- The Washington Times - Wednesday, May 22, 2002

Washington Redskins owner Dan Snyder yesterday said he is seeking to work with the Virginia Baseball Stadium Authority on bringing a major league baseball team to the commonwealth. The likelihood of him crashing the 8-year-old local baseball party, however, remains small. Authority officials refused to characterize the Snyder talks as substantive.

William Collins, chairman of the Virginia Baseball Club, said again yesterday his group has a deal to continue as the commonwealth's preferred baseball ownership group into 2007. The current pact between Collins and the authority expires May 31.

Snyder, meeting yesterday with Associated Press editors and reporters, told that agency he and partner Robert Johnson, founder of Black Entertainment Television, have contacted the authority and want to own a local MLB team once the sport settles a nasty labor dispute between team owners and players.

Gabe Paul, authority executive director, yesterday acknowledged talks with Snyder, as well as several other parties seeking to own a Virginia-based team. Paul declined to place a number on the suitors, but an industry source last night said rival bidders have been "sprouting like mushrooms."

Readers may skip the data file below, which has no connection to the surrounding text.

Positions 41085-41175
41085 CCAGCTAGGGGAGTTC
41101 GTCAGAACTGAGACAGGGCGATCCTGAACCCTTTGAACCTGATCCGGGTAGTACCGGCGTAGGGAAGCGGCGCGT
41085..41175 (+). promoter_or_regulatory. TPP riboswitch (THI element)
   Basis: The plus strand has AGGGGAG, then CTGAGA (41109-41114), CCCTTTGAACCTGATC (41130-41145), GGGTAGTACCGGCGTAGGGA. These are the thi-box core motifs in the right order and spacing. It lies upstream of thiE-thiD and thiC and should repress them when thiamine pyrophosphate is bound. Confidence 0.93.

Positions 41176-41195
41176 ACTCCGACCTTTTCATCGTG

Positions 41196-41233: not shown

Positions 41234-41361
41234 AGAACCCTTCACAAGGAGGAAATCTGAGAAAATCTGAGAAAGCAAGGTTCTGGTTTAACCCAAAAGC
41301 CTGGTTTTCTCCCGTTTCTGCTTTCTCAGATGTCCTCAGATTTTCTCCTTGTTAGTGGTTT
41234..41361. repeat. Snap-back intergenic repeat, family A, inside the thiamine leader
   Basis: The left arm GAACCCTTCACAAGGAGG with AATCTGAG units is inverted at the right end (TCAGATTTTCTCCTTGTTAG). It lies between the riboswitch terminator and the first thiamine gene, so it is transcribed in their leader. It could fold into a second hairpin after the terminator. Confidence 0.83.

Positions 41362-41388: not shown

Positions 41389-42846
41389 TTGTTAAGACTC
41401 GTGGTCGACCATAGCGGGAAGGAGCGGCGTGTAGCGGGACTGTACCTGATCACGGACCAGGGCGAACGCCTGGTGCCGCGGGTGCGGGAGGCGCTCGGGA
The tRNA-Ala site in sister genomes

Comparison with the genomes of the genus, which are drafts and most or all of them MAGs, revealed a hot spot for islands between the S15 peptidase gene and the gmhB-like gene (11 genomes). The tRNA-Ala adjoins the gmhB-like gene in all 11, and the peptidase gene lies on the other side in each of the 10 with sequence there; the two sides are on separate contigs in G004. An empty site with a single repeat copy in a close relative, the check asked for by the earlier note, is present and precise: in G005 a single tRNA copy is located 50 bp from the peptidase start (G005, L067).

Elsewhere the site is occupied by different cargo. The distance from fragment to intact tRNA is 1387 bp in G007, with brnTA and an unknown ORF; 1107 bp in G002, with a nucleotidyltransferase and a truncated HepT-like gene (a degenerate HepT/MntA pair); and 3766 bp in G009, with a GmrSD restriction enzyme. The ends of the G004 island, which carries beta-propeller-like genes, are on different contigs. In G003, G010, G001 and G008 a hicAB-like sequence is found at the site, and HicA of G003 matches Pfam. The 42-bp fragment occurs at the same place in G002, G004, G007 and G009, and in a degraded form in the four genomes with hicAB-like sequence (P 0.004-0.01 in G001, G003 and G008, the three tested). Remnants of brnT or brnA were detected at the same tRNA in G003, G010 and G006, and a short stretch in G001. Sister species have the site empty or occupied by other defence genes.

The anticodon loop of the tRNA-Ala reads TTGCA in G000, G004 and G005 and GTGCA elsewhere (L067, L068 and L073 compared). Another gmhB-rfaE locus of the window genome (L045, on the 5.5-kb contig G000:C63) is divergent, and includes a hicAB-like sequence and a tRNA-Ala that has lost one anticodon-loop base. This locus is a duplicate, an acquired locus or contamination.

"We have talked to Dan Snyder. We've had calls and have talked to a number of people," Paul said. "But I wouldn't characterize that as negotiations. We are not in negotiations with anyone [besides Collins]."

Collins yesterday reiterated his comments to The Washington Times from earlier this week and is working to finalize the extension of his exclusivity with the state. His group has paid $3.6 million in grants and loans since 1997 for those rights. District financier Fred Malek and his partners have a similar accord with the D.C. Sports & Entertainment Commission.

"We have a [new] deal negotiated and in place," Collins said. "But if Gabe has been out seriously talking to other people, there is a provision in our existing agreement that prohibits that."

The authority board has yet to ratify the contract extension, and an independent review of the financial wherewithal of Collins and his partners is now being completed, Paul said. A meeting between the two parties is scheduled for May 30, likely to sign the final documents.

Snyder's pursuit of the authority highlights an ongoing reorganization of the relationship between Collins' group and the authority. Collins wants to see the organization spend less time on market research and directly lobbying Major League Baseball and more time helping draft a stadium plan. The authority, in similar fashion, has been taking a hard look at Collins to make sure he's the person to stay with as baseball perhaps grows closer to returning to the area.

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